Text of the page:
It may have been broadcast debut nerves, but from here on she gave a fairly decent traversal of this role. Nothing really spectacular, I might add, but decent nonetheless; ditto for primo tenore Giuseppe Filianoti as Ruggero, Magda’s soon to be live-in lover. In parts of Act I and throughout most of Act III, the plot takes on the familiar form of Verdi’s La Traviata, which many musicologists feel La Rondine most closely resembles, but without the consumptive death scene near the end. Both Opolais and Filianoti came into their own here, a welcome change of pace from what went on earlier.
Ruggero is the Alfredo Germont character: he’s young and innocent, full of life and full of naiveté, especially where his newfound “girlfriend” is concerned. Little does he know that the beautiful and seemingly virtuous Magda is, in realty, a high-priced call girl. Eventually learning of her former profession in her farewell speech, Ruggero is visibly devastated by the revelation, but wants to marry her anyway. Magda adamantly refuses, and gives up her idyllic life with Ruggero to return to the big city. Close curtain. It’s an abrupt and totally unsatisfying ending.
Filianoti has been around the operatic block, including a memorable stint as Edgardo in the Met’s Lucia di Lammermoor broadcast, and online as Faust in Gian Carlo Del Monaco’s Palermo production of Boito’s Mefistofele. My general impression of his voice, as well as his stage deportment on YouTube, has not changed. The possessor of a strikingly open timbre (Giuseppe Di Stefano is a good comparison), it is woefully unsupported and slightly colorless at that. Filianoti has a tendency to bray on high notes, and the role of Ruggero is nothing if not full of high notes.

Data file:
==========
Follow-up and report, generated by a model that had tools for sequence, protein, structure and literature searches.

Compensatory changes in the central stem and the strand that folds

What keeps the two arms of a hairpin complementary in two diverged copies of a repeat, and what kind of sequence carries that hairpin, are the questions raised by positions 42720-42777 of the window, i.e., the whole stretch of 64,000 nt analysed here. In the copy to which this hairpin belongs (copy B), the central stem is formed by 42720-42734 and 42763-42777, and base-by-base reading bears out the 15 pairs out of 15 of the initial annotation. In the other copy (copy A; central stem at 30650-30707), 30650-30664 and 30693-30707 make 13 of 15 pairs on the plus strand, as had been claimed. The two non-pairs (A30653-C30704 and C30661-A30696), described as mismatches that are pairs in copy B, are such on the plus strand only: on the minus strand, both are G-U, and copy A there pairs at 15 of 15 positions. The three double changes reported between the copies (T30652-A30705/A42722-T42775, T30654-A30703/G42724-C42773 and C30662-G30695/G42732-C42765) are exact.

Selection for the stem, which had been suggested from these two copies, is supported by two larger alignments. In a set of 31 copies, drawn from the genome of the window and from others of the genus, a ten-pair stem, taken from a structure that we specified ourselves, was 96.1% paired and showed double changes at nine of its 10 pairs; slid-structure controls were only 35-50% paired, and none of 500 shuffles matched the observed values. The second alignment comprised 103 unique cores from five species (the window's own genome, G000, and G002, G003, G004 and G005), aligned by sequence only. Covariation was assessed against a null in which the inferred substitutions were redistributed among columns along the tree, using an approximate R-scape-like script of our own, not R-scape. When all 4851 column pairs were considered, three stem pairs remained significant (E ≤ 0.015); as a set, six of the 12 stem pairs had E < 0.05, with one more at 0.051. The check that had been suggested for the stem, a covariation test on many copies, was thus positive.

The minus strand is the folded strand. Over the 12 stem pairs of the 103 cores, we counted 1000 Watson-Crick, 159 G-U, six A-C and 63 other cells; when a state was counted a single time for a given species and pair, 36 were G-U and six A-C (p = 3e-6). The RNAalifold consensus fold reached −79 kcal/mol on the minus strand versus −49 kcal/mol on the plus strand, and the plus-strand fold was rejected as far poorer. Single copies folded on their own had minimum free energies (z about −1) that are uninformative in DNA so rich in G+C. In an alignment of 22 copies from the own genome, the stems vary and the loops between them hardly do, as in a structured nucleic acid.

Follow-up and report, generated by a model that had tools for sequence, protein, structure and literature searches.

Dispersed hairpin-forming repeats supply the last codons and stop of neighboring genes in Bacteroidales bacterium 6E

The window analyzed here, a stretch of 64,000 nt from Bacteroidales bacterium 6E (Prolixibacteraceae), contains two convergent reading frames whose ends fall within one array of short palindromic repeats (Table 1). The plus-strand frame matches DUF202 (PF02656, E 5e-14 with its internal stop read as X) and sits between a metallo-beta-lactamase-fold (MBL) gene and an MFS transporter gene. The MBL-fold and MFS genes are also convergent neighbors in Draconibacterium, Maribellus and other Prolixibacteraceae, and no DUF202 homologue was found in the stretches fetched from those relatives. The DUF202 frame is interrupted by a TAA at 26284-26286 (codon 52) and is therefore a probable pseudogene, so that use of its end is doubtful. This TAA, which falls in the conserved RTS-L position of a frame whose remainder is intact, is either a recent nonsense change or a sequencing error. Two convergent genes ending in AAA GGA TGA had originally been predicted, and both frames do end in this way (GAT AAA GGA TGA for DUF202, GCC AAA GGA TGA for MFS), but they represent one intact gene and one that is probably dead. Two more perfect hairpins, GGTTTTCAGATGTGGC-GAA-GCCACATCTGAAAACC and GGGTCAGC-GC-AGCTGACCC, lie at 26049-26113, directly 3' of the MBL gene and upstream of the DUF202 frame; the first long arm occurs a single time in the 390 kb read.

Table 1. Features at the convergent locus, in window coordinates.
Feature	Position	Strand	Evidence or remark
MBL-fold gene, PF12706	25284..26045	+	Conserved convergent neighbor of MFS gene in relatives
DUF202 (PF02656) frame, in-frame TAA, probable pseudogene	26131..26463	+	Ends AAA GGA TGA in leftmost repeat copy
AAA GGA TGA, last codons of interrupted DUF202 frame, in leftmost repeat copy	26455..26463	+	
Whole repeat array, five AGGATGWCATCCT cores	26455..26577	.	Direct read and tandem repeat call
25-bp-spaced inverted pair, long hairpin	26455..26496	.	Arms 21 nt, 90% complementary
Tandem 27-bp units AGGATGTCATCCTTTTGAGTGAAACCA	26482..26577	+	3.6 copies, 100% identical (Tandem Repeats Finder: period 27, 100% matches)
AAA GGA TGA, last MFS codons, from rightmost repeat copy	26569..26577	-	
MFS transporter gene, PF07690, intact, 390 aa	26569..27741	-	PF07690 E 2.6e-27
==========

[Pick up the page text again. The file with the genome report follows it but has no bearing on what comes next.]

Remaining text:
In addition, he strays too casually off pitch at the most inopportune times. As a result, he too had a rough patch in the early going. However, after taking an hour or so to warm up, Filianoti eventually hit his stride, managing to pull off a spectacular Act II close (so similar to the ones in Acts I and III of La Bohème). His duet with Opolais won the audience over. Still, it was hit or miss with him. Don’t get me wrong: Filianoti never truly disappoints, but one’s not always sure of the ultimate outcome.
The other roles, as ungrateful and unfulfilling as some of them are (Puccini was guilty of compositional oversight in this piece), were taken by the perky Anna Christy as a lively Lisette; Monica Yunus, Janinah Burnett and Margaret Thompson as the trio of Yvette, Bianca and Suzy, respectively; and Dwayne Croft as the rich old sugar-daddy Rambaldo, as unrewarding a baritone part as Puccini ever wrote. This character could have been the vocal and histrionic equivalent of Giorgio Germont (the possibilities for conflict are endless), but neither he nor the librettists ever bothered to provide even the barest hint of an opportunity for the singer to strut his stuff. Poor put-upon Croft simply melted into the background.
Ion Marin conducted with generous pacing and consideration for his singers. There was nothing really wrong with this performance, or with the production as a whole. It was dutiful and exceedingly workmanlike, but nothing special – much like the opera itself. I happen to love most of Puccini’s oeuvre, but La Rondine has yet to grow on me. All in all, it was good that this “Swallow” came back home to roost; unfortunately, it missed the nest.
Copyright © 2013 by Josmar F. Lopes